Eco-friendly robot powered by organic waste

Researchers at the University of the West of England (UWE) in Bristol have developed a microbial fuel cell about the size of a mobile phone that could be powered by organic household waste. The cell is being used to run a small light-sensitive robot.

The bacteria-driven cell directly converts biochemical energy into electricity. It uses Escherichia coli bacteria to break down carbohydrates and release hydrogen atoms.

The cell also contains chemicals that drive a series of redox, reduction and oxidation reactions, stripping electrons from the hydrogen atoms and delivering them to the fuel cell's anode. This creates a voltage that can be used to power a circuit.

UWE's Chris Melhuish said the organic battery can produce eight times as much energy as other microbial fuel cells. Power is produced by use of a microbial cell permeable chemical mediator, which in its oxidised form intercepts a proportion of NADH (nicotinamide adenine dinucleotide) within the microbial cell and oxidises it to NAD+.

The now reduced form of the mediator is also cell-permeable and diffuses from the microbial cell to the anode where the reduced redox mediator is then electro-catalytically re-oxidised.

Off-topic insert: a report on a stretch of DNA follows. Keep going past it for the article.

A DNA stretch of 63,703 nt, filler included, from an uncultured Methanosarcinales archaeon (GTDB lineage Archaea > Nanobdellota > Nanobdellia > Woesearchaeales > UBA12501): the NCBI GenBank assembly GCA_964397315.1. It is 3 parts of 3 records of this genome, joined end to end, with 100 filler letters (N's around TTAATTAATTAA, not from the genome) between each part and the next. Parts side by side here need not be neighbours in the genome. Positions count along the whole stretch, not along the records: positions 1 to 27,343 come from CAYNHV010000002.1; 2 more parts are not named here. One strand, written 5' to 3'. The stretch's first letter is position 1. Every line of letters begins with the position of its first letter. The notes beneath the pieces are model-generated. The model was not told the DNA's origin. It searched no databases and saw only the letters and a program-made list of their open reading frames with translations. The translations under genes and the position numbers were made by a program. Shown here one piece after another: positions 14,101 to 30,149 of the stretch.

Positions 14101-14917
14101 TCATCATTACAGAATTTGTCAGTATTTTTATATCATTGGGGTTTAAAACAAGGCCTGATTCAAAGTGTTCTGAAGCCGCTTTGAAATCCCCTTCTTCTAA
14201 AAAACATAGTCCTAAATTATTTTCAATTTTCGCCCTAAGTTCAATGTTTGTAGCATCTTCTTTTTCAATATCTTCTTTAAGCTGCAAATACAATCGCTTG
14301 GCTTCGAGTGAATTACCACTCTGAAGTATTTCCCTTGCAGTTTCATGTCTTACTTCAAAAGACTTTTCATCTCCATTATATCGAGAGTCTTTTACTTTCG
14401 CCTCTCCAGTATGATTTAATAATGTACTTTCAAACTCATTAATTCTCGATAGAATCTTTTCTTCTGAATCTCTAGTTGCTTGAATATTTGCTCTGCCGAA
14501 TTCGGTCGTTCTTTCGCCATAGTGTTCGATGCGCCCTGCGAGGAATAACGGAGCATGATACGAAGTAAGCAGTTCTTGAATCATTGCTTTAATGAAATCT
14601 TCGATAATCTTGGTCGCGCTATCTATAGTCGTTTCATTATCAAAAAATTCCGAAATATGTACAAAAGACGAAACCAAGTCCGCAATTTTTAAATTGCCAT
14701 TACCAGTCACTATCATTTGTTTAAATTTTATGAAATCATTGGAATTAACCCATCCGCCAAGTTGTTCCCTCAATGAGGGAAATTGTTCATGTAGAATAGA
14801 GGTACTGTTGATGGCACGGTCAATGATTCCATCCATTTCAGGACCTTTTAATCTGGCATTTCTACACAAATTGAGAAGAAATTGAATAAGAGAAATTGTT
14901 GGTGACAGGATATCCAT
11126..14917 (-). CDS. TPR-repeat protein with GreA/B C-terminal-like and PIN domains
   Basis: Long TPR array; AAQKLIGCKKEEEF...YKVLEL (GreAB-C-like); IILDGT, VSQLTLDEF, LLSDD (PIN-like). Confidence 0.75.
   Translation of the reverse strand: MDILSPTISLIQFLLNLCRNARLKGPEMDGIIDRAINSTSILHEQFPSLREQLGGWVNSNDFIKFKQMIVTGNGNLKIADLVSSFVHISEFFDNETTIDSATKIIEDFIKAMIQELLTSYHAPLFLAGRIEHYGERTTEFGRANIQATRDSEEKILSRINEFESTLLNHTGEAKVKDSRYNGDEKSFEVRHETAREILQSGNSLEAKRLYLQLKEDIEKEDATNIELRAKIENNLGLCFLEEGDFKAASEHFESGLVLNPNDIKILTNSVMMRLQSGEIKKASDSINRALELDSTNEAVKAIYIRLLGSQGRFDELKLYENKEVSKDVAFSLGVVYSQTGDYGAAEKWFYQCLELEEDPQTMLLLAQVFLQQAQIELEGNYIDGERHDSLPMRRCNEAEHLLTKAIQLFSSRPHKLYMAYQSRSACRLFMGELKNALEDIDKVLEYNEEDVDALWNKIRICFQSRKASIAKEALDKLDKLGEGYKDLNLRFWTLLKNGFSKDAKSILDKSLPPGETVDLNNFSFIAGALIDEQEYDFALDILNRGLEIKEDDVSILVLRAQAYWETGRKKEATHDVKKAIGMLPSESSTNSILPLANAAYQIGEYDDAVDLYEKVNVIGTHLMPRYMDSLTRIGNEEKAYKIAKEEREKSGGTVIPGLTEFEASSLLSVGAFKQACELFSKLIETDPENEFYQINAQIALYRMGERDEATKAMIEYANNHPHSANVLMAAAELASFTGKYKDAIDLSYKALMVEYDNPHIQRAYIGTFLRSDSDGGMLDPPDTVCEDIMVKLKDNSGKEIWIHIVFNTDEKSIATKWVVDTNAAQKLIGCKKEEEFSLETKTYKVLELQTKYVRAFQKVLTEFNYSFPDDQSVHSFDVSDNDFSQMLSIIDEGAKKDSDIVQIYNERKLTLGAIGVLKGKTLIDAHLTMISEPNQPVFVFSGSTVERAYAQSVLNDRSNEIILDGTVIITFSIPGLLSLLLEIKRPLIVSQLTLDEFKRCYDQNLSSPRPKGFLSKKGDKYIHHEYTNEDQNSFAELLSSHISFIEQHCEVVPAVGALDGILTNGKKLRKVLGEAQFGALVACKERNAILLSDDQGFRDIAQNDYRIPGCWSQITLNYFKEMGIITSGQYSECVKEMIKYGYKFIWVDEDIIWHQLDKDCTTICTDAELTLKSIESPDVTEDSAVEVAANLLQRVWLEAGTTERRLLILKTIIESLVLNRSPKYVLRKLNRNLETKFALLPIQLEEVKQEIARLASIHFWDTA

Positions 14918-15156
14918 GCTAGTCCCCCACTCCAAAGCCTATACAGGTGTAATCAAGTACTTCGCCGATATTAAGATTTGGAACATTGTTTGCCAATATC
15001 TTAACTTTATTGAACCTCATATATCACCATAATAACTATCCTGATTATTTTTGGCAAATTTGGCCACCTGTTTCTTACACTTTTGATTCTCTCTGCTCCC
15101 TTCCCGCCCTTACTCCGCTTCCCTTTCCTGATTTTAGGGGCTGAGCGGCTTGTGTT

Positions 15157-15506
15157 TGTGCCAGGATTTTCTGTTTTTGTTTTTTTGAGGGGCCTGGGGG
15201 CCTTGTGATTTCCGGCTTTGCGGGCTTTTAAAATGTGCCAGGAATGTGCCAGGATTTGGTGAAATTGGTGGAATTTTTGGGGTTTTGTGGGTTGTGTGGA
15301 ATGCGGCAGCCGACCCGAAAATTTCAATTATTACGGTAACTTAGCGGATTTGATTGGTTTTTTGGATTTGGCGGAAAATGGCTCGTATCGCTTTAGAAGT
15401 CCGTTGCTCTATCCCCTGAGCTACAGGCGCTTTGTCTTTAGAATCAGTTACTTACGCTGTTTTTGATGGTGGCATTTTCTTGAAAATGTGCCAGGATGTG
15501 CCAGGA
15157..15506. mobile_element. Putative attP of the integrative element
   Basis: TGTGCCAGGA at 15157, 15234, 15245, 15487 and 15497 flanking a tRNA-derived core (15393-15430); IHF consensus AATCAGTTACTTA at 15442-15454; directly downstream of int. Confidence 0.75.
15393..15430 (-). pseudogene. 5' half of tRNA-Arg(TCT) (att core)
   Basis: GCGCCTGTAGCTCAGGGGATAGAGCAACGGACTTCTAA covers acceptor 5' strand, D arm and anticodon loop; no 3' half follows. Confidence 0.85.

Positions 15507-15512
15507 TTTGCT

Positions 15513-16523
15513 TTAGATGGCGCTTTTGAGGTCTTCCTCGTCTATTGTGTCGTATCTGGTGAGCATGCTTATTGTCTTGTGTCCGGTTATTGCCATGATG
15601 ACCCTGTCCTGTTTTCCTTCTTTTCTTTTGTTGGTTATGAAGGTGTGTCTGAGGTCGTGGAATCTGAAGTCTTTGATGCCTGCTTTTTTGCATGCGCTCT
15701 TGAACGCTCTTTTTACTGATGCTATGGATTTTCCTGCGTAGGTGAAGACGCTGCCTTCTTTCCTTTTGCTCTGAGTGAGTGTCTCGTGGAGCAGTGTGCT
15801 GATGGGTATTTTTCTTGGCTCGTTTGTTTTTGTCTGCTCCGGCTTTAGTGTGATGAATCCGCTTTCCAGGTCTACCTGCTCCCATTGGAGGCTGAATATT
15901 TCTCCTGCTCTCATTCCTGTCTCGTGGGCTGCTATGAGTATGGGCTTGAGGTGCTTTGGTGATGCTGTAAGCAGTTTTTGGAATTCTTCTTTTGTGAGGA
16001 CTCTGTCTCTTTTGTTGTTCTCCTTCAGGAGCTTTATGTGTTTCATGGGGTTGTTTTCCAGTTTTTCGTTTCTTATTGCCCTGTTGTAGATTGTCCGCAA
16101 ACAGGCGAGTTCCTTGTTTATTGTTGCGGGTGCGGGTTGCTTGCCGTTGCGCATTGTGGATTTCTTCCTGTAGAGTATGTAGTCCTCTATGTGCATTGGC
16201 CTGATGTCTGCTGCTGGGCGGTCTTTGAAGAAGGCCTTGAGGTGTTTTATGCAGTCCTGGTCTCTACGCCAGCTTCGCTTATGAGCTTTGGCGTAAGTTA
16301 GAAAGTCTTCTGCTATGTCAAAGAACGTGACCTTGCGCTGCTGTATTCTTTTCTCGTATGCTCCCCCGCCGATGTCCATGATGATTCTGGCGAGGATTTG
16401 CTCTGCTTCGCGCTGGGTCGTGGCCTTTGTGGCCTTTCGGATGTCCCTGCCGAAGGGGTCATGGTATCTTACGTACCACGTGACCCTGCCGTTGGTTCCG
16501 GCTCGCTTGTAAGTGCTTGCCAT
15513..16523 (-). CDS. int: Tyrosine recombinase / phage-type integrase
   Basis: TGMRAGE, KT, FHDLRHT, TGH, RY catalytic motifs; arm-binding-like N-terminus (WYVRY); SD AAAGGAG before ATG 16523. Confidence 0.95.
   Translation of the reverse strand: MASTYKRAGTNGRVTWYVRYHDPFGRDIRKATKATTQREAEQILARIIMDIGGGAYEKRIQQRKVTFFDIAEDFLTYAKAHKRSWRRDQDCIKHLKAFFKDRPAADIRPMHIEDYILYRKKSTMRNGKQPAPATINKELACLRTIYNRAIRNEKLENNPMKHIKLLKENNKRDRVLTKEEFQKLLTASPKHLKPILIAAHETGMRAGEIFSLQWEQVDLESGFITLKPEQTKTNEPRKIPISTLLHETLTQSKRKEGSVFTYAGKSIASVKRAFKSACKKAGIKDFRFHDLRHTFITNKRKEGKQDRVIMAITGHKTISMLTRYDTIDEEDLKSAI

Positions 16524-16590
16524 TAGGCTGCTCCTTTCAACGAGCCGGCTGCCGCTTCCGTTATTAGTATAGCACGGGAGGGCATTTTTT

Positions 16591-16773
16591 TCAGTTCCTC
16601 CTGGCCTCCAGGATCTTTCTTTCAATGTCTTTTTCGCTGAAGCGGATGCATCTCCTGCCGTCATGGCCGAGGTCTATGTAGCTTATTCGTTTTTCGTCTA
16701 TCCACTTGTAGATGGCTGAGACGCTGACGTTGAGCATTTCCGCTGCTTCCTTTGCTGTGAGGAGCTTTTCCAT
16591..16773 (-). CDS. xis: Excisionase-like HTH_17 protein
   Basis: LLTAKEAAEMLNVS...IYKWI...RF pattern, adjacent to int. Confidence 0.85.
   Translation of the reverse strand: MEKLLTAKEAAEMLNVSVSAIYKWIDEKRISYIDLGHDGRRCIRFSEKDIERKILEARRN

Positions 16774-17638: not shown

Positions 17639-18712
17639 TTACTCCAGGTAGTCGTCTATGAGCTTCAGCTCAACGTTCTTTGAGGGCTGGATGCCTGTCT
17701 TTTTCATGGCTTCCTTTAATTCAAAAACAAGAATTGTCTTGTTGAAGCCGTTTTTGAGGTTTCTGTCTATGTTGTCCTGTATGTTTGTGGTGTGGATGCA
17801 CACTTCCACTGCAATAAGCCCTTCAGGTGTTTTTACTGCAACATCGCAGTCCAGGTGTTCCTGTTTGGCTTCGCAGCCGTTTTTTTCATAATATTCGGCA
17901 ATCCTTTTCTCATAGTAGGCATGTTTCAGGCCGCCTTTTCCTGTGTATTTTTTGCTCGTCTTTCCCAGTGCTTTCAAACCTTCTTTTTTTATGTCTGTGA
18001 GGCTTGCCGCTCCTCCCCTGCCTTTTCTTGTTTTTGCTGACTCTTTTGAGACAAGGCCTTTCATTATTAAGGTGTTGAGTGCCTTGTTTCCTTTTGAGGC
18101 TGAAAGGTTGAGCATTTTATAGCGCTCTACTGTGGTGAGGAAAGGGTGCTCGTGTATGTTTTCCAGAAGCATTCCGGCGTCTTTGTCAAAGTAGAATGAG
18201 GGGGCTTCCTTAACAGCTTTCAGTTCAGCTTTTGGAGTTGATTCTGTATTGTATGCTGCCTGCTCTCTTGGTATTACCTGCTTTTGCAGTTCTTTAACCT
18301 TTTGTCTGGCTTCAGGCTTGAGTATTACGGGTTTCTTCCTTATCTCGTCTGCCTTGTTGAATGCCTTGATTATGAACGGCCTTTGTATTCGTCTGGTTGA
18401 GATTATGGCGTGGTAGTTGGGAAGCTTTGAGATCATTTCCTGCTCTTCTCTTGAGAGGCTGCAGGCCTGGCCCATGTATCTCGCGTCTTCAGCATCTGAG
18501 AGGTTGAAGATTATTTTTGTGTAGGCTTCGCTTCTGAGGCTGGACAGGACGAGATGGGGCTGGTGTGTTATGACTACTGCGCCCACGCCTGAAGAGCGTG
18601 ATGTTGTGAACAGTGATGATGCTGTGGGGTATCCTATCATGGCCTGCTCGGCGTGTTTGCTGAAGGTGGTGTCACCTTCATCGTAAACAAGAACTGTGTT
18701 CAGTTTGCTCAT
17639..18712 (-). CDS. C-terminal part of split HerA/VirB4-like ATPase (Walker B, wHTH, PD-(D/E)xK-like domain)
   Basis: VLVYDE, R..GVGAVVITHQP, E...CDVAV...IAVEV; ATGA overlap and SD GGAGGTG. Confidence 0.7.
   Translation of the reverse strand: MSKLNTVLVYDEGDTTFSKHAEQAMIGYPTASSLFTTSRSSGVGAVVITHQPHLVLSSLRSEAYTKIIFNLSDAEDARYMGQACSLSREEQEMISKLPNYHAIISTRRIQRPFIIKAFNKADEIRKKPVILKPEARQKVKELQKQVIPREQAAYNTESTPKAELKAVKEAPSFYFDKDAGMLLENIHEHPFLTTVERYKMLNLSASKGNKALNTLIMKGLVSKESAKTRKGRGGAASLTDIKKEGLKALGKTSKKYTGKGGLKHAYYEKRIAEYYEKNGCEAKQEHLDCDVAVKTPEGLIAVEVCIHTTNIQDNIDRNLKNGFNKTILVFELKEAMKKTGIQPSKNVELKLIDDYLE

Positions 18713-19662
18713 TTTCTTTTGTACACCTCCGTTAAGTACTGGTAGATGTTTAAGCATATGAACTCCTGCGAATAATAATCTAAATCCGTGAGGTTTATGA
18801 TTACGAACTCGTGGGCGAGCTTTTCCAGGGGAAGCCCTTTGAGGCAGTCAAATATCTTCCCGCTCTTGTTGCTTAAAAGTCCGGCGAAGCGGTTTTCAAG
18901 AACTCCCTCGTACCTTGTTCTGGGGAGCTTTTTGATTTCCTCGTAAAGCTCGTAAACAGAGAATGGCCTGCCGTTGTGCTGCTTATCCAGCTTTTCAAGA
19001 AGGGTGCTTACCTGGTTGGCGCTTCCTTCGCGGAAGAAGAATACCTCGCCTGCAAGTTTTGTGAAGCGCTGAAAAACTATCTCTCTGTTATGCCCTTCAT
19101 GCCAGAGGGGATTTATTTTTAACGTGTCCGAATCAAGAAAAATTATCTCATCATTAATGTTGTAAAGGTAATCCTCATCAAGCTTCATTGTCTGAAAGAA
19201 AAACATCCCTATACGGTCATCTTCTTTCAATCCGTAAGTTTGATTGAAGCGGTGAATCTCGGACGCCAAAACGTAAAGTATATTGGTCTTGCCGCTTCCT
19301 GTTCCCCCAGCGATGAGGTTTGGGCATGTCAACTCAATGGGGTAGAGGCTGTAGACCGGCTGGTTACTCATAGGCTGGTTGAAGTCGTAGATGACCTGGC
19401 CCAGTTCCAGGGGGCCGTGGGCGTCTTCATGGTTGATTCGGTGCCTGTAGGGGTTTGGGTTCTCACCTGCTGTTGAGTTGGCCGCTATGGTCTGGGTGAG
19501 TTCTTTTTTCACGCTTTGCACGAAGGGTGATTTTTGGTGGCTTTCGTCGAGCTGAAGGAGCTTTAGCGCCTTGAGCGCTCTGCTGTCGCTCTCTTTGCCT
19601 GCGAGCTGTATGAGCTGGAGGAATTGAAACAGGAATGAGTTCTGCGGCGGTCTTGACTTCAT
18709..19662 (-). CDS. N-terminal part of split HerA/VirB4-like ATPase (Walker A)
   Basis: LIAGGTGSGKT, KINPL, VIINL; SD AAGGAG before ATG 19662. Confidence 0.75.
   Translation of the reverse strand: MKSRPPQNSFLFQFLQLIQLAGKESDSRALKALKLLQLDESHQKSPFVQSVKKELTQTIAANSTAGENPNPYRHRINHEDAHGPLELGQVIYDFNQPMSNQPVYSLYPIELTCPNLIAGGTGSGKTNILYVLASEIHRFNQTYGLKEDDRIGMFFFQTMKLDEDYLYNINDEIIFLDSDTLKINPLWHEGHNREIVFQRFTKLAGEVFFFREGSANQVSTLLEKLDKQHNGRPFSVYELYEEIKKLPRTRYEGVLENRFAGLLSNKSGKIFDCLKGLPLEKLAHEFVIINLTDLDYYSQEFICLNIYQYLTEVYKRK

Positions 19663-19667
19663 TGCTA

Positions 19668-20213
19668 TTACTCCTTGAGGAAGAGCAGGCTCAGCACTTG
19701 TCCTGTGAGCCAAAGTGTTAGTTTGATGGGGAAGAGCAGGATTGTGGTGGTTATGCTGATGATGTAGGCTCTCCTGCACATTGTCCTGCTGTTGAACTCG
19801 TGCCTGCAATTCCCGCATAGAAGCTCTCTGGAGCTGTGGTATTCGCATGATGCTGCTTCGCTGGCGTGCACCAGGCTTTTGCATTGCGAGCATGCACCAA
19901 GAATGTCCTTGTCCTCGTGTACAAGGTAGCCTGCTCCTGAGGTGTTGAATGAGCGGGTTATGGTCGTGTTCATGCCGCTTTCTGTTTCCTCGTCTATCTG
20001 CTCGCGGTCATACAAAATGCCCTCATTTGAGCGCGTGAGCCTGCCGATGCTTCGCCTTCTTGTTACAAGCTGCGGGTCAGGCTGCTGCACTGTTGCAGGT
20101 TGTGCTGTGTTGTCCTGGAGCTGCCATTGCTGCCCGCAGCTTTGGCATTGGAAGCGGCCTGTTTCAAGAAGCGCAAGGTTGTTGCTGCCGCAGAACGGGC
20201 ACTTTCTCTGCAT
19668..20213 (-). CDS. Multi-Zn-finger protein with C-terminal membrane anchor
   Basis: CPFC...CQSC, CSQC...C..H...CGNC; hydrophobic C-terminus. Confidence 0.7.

In addition, cell metabolism produces protons in the anodic chamber, which may migrate through a proton selective membrane to the cathodic chamber where they are consumed by ferricyanide (Fe3-(CN)6) and incoming electrons (via the external circuit) reducing it to ferrocyanide (Fe4-(CN)6).

The oxidised mediator is then free to repeat the cycle. This cycling continually drains off metabolic reducing power from the microbial cells to give electrical power at the electrodes.

In many ways the system mimics real digestion (in the use of micro-organisms within a tubular membrane to break down the food components and produce reducing power) and respiration (by using air to provide oxygen to an electrochemical half-cell to create useful energy).

The battery does not use fossil fuels and involves no net CO2 production other than that which occurs naturally in vegetable decomposition.

There are plans to develop industrial applications for the robot project, such as pollution monitoring.

UWE (0117) 965 6261



Click a keyword to see more stories on that topic, view related news, or find more related items.


You need to be logged in to make a comment. Don't have an account? Set one up right now in seconds!

© Faversham House Group Ltd 2003. edie news articles may be copied or forwarded for individual use only. No other reproduction or distribution is permitted without prior written consent.